At the Center, we know that the high levels of taxation and over-regulation forced upon the people by an ever-growing state government is the main culprit in causing Rhode Island’s weak and stagnant performance. Look at it this way, heavy handed action by a state government that primarily seeks to perpetuate itself, actually works against the best-interests of the very people it is supposed to be serving.
Early indications of the policy landscape in 2018 give the hope… and risk… of a political shakeup.
Why can’t the RI General Assembly just focus on improving our economy and business climate, get higher paying jobs, reducing taxes, and eliminating useless laws and regulations? If we improve the business climate, our standard of living will increase.
— Bruce Waidler (@Bruce_Waidler) January 2, 2018
Happy New Year! In 2018, Rhode Islanders want to achieve their hopes and dreams of better life for their families. In order for the Ocean State to prosper, we need an economic climate that rewards hard work, encourages small-business growth, and creates quality jobs. In this regard, the traditionally cited monthly unemployment rate is often used by state lawmakers as a benchmark to evaluate the results of their policy initiatives. However, this rate represents only a very narrow look at the employment health of a state and can often paint an incomplete, or even inaccurate, snapshot of the broader economic picture.
RI GA has no business funding a new Pawsox stadium to aid multimillionaires when the state pension funds and our school infrastructure needs fixing. Where is the GA loyalty? Is it to multimillionaires or our citizens, including hard working state employees & school children?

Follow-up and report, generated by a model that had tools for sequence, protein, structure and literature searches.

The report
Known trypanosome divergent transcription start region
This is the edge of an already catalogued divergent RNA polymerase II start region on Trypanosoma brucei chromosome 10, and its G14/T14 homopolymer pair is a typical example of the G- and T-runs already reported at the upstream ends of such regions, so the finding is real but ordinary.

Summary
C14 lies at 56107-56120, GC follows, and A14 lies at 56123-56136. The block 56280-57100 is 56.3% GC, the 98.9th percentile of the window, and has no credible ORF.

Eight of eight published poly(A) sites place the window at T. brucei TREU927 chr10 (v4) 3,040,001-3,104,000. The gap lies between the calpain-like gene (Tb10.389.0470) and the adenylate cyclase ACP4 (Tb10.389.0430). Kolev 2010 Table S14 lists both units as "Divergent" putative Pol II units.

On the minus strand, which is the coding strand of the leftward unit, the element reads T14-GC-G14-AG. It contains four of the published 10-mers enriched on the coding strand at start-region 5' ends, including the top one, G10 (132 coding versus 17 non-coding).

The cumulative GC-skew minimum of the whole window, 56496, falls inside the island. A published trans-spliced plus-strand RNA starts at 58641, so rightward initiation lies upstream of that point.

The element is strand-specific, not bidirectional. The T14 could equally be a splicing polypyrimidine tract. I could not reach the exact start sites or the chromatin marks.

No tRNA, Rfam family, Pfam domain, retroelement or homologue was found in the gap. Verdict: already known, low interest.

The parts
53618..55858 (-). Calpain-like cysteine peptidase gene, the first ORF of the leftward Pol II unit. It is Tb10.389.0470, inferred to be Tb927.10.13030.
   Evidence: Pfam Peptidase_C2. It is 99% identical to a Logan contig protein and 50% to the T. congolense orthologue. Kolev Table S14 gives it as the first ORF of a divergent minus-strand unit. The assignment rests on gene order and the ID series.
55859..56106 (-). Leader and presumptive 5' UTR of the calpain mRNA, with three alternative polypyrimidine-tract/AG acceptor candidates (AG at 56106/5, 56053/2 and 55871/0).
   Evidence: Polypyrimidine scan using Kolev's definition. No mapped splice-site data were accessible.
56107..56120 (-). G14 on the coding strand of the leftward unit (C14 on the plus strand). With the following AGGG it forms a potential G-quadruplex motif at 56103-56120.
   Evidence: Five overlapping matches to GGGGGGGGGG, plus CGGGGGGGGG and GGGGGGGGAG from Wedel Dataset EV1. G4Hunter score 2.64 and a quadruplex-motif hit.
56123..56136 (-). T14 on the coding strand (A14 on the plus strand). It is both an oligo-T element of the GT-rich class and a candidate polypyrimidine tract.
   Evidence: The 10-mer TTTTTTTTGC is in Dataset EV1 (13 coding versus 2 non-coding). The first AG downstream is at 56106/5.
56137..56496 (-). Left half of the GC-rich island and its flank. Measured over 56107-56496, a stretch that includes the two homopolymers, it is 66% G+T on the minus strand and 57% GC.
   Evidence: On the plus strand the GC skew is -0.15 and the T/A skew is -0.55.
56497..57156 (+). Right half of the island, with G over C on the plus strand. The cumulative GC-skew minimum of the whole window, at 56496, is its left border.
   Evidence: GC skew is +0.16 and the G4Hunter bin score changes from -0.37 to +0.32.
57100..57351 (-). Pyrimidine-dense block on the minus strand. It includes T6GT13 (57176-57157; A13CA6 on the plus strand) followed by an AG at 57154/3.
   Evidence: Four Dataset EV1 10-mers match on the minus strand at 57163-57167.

— Bruce Waidler (@Bruce_Waidler) December 27, 2017
Don’t miss Jennifer Bogdan’s article in the Providence Journal, about the hassles that the State of Rhode Island created for nurses in the state by failing to pass legislation to remain in the interstate Nurse Licensure Compact, which allowed nurses in any of the 25 participating states to carry use licenses across borders.
… a bill was never even introduced in last year’s General Assembly thanks in part to strong resistance from nurses unions that argue the compact has deprived Rhode Island nurses from opportunities to work here.
The situation has left local nurses who pick up out-of-state work scrambling to quickly acquire other state’s licenses. Meanwhile, out-of-state nurses currently working in Rhode Island under the compact are flocking to the Department of Health with their $139 applications for Rhode Island licenses in tow.
Donna Policastro, executive director of the Rhode Island State Nurses Association, which supports the compact, said she’s been fielding calls from concerned nurses who’ve learned about the change. In one case, a nurse is working from home advising for a national company in 16 states. The woman now needs 16 additional licenses.
The Projo’s editors did Bogdan a huge disservice by recasting her article — completely inverting both the angle of the story and the significance of recent events — with the headline, “Unions: Compact deprives R.I. nurses of work.” The bias of the headline writer is apparently so deep that he or she created the false impression that there is currently a compact in effect in the state. The headline should have been something like, “Nurses scramble for licenses after state quits compact.”
More important, though, is the lesson on our relationship with our government. Think of it: These folks, mainly women, have to beg the General Assembly to keep their jobs possible every year, and this year, the unions managed to brush them aside to ensure more-total ownership of our lives in the Ocean State.
None of this should be acceptable, across the board.
This is a true battle of visions. Their progressive vision would transform our home state into a liberal hell. Rhode Island could become a place where businesses face even higher legal risks and our citizens would be even less free to live their own lives.
Perhaps it’s just the moment and the particular set of issues raised, but a quick-hit Providence Journal interview with Democrat Governor Gina Raimondo feels like a bit of a change in tone, from backing away from legalizing pot to holding back on school construction bonds.
A couple of points are worth teasing out:
“Look,” Raimondo said Tuesday, “I think it would be really sad if we lost the PawSox to Worcester …. But no, I am not going to get into a bidding war. We can’t afford a bidding war. We have a deal on the table now. I would say: Go ahead and pass that deal.”
“I am not going to get bid up, and pay more than we can afford, so we don’t lose it to Charlie Baker,” she said.